The American LaFrance-Foamlite Corporation’s next big product news was the ultra-streamlined 500 Series announced in June, 1938. If there ever was an example of form over function in fire engine design, the art deco American LaFrance 500 Series was it.
The 500 Series’ ultra-streamlined “envelope” body concealed everything. Hard suction hoses were tucked out of sight behind curved upper rear body quarter panels. Ladders were carried in a streamlined overhead enclosed rack. Huge rectangular doors extended down to hidden running boards. Seated amidships, the driver peered through a narrow, tank-like windshield. Even the bell was tucked out of sight behind the 500’s massive two-piece grille.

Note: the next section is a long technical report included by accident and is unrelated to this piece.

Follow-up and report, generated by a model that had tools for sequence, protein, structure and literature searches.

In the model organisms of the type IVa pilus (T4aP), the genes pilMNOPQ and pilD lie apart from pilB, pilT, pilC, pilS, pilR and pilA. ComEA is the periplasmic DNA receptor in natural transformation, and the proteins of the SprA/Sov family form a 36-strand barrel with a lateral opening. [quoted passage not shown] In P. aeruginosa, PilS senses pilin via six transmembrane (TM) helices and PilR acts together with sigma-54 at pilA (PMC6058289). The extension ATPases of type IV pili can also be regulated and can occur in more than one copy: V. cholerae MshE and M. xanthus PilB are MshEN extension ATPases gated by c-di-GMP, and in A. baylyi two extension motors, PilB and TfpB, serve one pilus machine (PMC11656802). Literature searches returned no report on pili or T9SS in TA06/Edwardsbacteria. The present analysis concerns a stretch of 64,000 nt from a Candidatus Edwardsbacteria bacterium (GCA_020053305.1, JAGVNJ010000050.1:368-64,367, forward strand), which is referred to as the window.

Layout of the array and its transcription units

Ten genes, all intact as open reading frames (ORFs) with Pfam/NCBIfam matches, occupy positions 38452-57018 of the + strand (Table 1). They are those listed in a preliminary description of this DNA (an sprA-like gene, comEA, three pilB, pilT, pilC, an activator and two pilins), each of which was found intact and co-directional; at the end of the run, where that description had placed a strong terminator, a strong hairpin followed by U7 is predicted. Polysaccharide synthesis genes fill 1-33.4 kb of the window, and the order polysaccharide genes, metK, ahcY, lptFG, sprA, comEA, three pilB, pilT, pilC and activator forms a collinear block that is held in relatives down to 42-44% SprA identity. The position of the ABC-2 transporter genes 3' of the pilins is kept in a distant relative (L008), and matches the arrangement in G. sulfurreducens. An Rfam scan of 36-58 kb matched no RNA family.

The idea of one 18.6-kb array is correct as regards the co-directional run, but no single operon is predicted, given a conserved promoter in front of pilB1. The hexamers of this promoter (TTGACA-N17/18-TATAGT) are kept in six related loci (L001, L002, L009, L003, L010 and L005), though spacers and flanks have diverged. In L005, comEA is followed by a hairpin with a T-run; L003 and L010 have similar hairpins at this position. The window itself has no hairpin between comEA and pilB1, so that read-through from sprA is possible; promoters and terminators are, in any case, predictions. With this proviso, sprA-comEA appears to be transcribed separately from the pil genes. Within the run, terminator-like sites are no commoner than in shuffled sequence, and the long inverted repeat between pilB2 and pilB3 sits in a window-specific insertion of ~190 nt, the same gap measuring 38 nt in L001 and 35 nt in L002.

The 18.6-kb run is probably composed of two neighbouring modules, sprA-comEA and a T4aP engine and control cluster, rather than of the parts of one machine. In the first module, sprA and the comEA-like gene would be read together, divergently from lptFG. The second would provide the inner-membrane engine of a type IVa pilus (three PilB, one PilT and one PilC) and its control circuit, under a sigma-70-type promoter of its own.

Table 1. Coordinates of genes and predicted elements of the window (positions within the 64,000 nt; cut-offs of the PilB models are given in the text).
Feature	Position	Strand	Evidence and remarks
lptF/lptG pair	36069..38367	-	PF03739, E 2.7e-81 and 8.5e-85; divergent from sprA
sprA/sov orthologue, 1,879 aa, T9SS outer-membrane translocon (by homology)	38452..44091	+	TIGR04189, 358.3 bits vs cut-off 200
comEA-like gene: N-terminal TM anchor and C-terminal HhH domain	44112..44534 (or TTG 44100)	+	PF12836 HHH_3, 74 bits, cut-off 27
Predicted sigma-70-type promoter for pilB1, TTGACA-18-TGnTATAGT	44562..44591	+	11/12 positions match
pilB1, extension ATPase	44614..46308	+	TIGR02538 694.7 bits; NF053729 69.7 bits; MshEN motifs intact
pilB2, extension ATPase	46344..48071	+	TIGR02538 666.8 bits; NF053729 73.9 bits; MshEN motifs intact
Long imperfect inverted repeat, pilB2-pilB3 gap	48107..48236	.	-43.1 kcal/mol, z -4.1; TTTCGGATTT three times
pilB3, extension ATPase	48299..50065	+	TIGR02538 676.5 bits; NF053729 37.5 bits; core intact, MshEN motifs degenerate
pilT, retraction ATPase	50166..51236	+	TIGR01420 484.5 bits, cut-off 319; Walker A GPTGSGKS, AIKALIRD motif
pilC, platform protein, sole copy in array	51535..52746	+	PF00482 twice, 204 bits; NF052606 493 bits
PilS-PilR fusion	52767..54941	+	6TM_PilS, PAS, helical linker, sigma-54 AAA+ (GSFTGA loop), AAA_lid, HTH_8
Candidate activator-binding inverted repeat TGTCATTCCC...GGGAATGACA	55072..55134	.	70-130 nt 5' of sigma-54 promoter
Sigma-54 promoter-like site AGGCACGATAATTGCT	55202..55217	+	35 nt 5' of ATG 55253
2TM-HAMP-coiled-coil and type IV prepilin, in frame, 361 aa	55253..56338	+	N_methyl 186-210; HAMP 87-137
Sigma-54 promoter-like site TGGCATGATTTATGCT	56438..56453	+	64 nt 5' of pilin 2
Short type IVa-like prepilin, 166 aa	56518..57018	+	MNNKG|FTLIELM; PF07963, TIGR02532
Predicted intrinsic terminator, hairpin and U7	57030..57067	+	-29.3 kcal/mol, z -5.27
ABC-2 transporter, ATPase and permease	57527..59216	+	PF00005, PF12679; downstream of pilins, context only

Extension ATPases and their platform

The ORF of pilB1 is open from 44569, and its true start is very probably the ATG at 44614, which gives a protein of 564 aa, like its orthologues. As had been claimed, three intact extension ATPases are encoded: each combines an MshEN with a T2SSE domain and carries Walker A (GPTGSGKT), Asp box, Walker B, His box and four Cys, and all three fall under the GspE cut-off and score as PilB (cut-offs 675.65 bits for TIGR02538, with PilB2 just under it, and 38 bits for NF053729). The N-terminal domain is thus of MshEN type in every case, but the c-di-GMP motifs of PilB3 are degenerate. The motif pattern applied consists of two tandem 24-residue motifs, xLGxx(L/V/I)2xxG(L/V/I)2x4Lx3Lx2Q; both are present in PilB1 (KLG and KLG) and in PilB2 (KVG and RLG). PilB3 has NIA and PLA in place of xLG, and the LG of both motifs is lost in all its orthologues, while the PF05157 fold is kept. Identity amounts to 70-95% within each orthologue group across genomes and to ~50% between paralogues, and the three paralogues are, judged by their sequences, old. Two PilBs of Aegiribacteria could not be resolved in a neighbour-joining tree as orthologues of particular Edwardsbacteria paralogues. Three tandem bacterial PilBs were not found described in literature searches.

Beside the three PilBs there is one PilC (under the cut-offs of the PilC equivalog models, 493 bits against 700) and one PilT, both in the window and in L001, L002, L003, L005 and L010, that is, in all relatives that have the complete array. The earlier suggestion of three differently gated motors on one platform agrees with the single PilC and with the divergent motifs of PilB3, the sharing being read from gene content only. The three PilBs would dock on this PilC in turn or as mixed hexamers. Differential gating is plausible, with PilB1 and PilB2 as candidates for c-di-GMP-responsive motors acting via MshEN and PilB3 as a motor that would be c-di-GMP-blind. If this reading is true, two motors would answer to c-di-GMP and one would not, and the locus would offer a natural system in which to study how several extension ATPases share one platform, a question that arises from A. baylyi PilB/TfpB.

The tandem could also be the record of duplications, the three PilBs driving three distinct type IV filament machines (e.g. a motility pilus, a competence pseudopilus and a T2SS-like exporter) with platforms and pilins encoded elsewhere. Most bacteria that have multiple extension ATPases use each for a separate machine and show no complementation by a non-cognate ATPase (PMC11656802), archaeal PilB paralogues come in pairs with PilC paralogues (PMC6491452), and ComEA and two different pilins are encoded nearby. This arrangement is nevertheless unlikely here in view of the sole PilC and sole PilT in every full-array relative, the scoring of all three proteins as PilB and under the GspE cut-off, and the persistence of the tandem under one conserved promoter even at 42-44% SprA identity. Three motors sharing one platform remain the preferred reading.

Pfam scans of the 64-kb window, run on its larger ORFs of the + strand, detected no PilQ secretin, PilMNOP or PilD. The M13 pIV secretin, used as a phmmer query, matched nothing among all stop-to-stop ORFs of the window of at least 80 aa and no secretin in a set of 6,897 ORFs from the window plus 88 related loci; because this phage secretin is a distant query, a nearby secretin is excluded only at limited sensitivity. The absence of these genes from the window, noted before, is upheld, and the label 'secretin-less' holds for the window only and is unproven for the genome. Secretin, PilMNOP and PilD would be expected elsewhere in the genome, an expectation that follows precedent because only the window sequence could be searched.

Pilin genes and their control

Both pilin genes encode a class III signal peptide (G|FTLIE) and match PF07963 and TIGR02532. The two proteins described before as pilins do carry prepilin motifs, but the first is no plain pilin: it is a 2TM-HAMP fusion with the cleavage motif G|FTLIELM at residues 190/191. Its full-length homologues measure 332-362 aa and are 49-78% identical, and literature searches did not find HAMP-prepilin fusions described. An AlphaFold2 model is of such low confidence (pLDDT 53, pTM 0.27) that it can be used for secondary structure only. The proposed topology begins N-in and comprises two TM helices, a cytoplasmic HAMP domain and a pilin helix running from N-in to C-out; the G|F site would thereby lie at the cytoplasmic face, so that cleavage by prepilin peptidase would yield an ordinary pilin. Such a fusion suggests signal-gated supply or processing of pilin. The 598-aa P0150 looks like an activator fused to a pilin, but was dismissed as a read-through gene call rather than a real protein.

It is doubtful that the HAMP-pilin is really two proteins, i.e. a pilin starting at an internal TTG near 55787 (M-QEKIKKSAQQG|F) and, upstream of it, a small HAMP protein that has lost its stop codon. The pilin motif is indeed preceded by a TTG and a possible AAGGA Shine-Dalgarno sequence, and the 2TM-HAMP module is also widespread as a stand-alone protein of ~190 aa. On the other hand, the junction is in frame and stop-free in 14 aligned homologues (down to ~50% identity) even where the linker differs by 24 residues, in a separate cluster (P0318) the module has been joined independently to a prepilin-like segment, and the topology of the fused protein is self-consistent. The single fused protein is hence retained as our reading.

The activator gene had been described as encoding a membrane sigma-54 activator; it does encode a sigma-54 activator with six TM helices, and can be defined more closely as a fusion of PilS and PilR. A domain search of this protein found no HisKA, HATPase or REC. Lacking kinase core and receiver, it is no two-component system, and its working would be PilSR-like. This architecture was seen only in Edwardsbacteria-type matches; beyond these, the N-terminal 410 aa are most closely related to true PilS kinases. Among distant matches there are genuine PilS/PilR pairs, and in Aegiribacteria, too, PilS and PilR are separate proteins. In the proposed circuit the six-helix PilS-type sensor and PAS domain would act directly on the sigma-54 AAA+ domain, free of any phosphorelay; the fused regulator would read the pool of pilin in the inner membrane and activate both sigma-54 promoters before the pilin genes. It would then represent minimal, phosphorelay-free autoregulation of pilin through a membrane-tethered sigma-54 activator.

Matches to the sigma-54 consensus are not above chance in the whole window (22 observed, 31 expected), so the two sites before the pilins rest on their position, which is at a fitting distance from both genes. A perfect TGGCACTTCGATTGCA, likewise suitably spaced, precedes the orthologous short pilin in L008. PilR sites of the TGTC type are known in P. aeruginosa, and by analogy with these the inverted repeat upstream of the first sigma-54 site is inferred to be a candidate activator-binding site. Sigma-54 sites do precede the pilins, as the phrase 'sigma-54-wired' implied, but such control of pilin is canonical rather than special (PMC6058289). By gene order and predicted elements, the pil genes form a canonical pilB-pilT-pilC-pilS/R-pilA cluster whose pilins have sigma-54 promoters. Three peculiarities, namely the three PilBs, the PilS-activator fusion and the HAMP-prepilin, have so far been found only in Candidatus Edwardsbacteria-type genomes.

Five-Hundred Series body styles ranged all the way from open semi-cabs to rear entrance canopy, four-door sedan cab and fully-enclosed van-style bodies. All projected an impressive modern-as-tomorrow appearance. Two V-12 engines were available in the big “500” – the 190-horsepower Lycoming-derived “small” twelve or the big 240 horsepower 312-A twelve.
The high-styled 500 Series pumpers were equipped with an all-new American LaFrance designed and built Centraflow two-stage centrifugal pump available in capacities ranging from 500 to 1500 gallons-per-minute.
The new 500 Series immediately replaced the Junior and Senior 400 Series. The 500s bold styling was extended to all other models including city service ladder trucks and quads, new straight frame service aerials and quintuple combinations and tractor-drawn aerial ladder trucks.